The last forty years have witnessed what has been called the “second cognitive revolution” (see Introduction). A central focus in the study of mind (the “cognitive sciences”) is the study of language and its biological bases. Work on the biology of language, or biolinguistics, is directed at answering some traditional questions; viz., (1) What constitutes knowledge of language?, (2) How does knowledge of language develop in the individual?, and (3) How did knowledge of language evolve in the species?
There has been an explosion of knowledge about the first two questions from studies of languages and dialects that now number in the thousands. A small sampling includes: Basque, Bulgarian, Chinese, English, Dutch, Finnish, Flemish, French, German, Greek, Hindi, Hungarian, Icelandic, Irish, Italian, Japanese, Korean, Norwegian, Polish, Portuguese, Romanian, Russian, Spanish, Swedish, Turkish, Warlpiri, and Welsh. Evidence bearing on the answers to these questions is now available from numerous areas; e.g., syntax, semantics, morphology, phonology, articulatory and acoustic phonetics, language acquisition, language change, specific language impairment, language perception, sign-language, neurology of language, language-isolated children, creole language, split-brain studies, linguistic savants, and electrical activity of the brain, among others. The past year marks the thirtieth anniversary of Eric Lenneberg's Biological Foundations of Language, which surveyed the work in many of these areas and therefore provides a useful benchmark for the significant progress that has been made in recent years.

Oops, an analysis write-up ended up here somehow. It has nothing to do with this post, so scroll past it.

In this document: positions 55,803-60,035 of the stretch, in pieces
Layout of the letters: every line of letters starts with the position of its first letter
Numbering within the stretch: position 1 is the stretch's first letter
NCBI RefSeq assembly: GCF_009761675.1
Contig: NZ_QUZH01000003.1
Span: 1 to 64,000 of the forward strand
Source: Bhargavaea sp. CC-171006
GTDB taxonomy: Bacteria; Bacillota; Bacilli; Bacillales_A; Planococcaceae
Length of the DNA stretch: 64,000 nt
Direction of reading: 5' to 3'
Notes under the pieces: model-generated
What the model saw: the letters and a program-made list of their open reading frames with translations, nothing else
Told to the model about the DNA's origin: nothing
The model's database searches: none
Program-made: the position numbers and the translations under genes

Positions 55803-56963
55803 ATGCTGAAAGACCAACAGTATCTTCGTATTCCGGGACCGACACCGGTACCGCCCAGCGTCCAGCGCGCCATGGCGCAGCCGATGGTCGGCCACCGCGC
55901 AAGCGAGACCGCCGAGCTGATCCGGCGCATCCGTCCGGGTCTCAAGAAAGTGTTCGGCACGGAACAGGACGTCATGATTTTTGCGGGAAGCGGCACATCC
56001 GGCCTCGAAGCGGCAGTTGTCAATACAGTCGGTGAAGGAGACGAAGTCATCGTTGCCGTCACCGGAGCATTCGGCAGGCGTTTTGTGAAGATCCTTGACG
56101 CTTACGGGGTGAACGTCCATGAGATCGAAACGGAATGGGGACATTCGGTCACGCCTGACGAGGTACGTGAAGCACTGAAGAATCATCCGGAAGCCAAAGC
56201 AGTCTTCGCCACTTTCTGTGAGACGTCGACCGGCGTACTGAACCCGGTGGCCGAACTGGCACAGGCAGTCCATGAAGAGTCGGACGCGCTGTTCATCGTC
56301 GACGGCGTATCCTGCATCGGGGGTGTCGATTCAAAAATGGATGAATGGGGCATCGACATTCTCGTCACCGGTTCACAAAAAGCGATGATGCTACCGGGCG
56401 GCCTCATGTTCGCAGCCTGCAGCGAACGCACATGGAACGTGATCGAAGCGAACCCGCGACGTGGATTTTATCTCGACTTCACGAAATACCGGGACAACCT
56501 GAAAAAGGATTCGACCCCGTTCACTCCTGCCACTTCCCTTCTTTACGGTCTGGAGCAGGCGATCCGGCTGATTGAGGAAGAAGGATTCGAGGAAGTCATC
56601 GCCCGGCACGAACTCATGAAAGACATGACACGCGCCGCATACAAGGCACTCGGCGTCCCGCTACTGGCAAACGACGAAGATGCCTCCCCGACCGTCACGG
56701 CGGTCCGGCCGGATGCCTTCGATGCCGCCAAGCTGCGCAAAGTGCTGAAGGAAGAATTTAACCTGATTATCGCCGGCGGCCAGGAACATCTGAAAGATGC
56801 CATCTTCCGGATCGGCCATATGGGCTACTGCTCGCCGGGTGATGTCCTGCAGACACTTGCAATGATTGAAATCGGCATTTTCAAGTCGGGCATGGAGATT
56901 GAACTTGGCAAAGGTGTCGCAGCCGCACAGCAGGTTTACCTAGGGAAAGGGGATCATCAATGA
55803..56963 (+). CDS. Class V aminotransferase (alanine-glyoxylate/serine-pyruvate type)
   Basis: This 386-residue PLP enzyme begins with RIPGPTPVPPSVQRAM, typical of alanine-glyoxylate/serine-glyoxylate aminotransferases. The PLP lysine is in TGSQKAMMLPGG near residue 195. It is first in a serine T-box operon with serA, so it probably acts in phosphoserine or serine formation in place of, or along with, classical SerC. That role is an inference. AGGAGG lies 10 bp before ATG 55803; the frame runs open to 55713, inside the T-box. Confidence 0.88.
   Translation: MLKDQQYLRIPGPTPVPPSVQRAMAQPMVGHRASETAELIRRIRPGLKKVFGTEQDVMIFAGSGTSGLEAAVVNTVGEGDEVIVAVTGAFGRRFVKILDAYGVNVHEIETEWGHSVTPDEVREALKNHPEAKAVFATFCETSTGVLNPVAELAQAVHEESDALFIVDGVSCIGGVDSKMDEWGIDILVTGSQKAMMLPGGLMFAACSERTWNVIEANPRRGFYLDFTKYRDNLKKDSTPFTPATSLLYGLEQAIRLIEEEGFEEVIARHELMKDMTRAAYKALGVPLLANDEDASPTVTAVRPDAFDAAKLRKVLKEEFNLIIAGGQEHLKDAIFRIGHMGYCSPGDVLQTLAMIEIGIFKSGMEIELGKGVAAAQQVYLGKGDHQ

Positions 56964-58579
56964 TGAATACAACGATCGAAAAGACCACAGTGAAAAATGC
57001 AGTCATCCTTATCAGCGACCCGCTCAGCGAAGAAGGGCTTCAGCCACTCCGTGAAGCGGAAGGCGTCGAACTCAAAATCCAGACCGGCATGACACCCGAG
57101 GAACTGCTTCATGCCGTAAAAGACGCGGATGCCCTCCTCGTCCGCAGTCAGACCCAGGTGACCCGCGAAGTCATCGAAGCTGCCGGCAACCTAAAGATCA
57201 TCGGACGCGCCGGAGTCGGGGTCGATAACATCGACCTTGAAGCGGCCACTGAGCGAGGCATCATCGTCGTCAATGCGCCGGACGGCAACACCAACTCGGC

Although the three central problem areas for biolinguistics listed above have been investigated in parallel, most progress has been made in the first two areas: language and development of language.